The theme song for last year created by ZAQ is wonderful. She is a creator as well as an artist. She was also a fan who dreamed of standing on this stage. So she knows both sides, the singer's point of view and the audiences point of view. She has messages directing towards fans and messages for the singers on stage. The part where Aquors sings “The back I've been looking up to and the ambition that was passed down onto me” is a message towards μ's that I thought they might've had.

I picked out which artist to sing the lyrics that ZAQ has made and lined them up in a certain order. I did all the calculations.

I come up with these ideas when I directly talk to artists and even use their troubles or worries as a hint. I want ANISAMA to be special especially in how the transition of music is flowing and to show the importance of the theme for the event.

Since when were you involved with the theme song?

In terms of producing the music, I would say 2013. The MV of this year's theme song is already done so please watch it. Just the intro itself gives an uplifting feeling. The harmony parts are really important as well. I planned out who will sing what part and their duet partners for all 3 days. There's also something unexpected at the end. I hope you like it. That's an “OK!” take.

This year the theme is “OK!” right?

Yes, “OK!” is a very simple word but it means to fully accept everything. I think it has a very strong meaning. To have 27,000 people enjoy the same music is amazing. It's easy to come up with something negative but to use words other than “yes” or “no” and instead use “OK!” is so positive.

The “!” in the theme is very important. To be able to say it out loud, even the impossibles can become possible. Everything is “OK!”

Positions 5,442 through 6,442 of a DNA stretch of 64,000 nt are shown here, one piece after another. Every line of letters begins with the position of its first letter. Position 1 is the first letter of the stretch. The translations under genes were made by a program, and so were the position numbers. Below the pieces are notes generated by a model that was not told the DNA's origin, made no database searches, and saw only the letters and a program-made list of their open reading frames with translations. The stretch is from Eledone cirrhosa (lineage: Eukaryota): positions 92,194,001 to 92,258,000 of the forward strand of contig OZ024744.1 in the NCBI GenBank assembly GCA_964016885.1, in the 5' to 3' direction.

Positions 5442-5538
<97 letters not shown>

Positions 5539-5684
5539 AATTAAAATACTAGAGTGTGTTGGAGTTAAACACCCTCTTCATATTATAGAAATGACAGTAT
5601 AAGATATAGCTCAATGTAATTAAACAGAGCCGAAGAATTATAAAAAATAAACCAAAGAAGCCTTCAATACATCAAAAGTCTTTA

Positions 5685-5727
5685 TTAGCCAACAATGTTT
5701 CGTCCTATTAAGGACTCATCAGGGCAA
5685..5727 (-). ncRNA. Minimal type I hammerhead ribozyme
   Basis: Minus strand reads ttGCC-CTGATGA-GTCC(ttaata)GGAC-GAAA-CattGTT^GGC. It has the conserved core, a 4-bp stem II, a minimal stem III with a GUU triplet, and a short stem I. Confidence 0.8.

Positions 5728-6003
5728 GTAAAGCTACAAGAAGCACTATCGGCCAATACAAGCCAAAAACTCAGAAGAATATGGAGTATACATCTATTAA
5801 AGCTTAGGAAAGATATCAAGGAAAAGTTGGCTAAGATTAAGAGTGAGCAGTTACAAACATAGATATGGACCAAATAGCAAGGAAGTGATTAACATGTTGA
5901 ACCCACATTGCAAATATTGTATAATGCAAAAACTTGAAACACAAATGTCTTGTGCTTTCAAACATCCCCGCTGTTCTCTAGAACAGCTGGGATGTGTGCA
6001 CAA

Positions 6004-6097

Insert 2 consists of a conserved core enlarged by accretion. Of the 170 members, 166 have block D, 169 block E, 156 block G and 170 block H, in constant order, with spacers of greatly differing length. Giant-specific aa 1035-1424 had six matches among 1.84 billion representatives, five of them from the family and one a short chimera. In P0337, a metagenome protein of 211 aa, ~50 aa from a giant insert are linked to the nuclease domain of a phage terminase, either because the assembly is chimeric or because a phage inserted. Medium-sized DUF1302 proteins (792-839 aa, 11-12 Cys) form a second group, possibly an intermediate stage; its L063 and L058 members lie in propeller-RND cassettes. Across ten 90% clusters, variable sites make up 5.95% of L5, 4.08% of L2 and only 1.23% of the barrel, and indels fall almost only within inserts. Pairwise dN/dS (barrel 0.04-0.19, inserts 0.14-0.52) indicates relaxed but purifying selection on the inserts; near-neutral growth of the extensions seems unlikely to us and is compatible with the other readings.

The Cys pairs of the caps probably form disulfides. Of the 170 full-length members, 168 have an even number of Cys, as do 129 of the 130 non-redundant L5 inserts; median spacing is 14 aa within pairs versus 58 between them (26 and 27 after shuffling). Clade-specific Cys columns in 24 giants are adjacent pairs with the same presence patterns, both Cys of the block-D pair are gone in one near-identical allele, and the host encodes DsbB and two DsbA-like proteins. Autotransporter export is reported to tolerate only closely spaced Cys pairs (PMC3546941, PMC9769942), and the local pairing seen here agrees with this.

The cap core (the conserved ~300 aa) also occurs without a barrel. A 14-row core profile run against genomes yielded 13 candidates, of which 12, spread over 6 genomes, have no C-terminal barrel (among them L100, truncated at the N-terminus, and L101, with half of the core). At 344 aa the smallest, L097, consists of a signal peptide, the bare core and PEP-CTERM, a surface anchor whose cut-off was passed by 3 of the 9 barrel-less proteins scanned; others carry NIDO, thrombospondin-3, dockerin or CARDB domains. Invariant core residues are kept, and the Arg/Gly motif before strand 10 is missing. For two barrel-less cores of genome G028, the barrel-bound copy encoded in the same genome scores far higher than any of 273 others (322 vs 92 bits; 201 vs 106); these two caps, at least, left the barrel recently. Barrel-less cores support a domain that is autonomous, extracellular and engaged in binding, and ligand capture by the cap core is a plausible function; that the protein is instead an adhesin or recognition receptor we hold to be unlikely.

There's a part saying “to go beyond what you like and don't like” in this year’s theme song. ANISAMA is a place to meet people and artists. Sometimes you will fall in love with an artist that you didn't support in the past.

Wow. That's deep. A lot of meanings behind the word.

By setting a theme, there's always a task to complete each year. This year our theme is OK! I'm expecting people to think like “Is the set list of the songs ok in this order!?” I also think of “what kind of stages would be ok?”

The base of the theme is the word “ONENESS.” This is a concept that Masami Okui gave me when we started the whole thing. “To become one with music” and “to believe in the power of music” are the themes and it's very powerful and positive.

Sometimes people say that ANISAMA has changed. But really it's just anisong trends have been changing and the theme “ONENESS” never changed. I don't like it when people categorize music by saying a certain song is not anisong.

When you watch ANISAMA there are parts where it's universal and parts that only fans know. We need to have both of these. If all the songs are niche, then the doors will be closed to everybody else. If we just put out music in order, the customers won't be able to bring out their inner catharsis. It's important to have professional knowledge on music but we have to know how the audience and the artists feel too.

Next: Koji Saito Interview vol.2 will be published on 27June!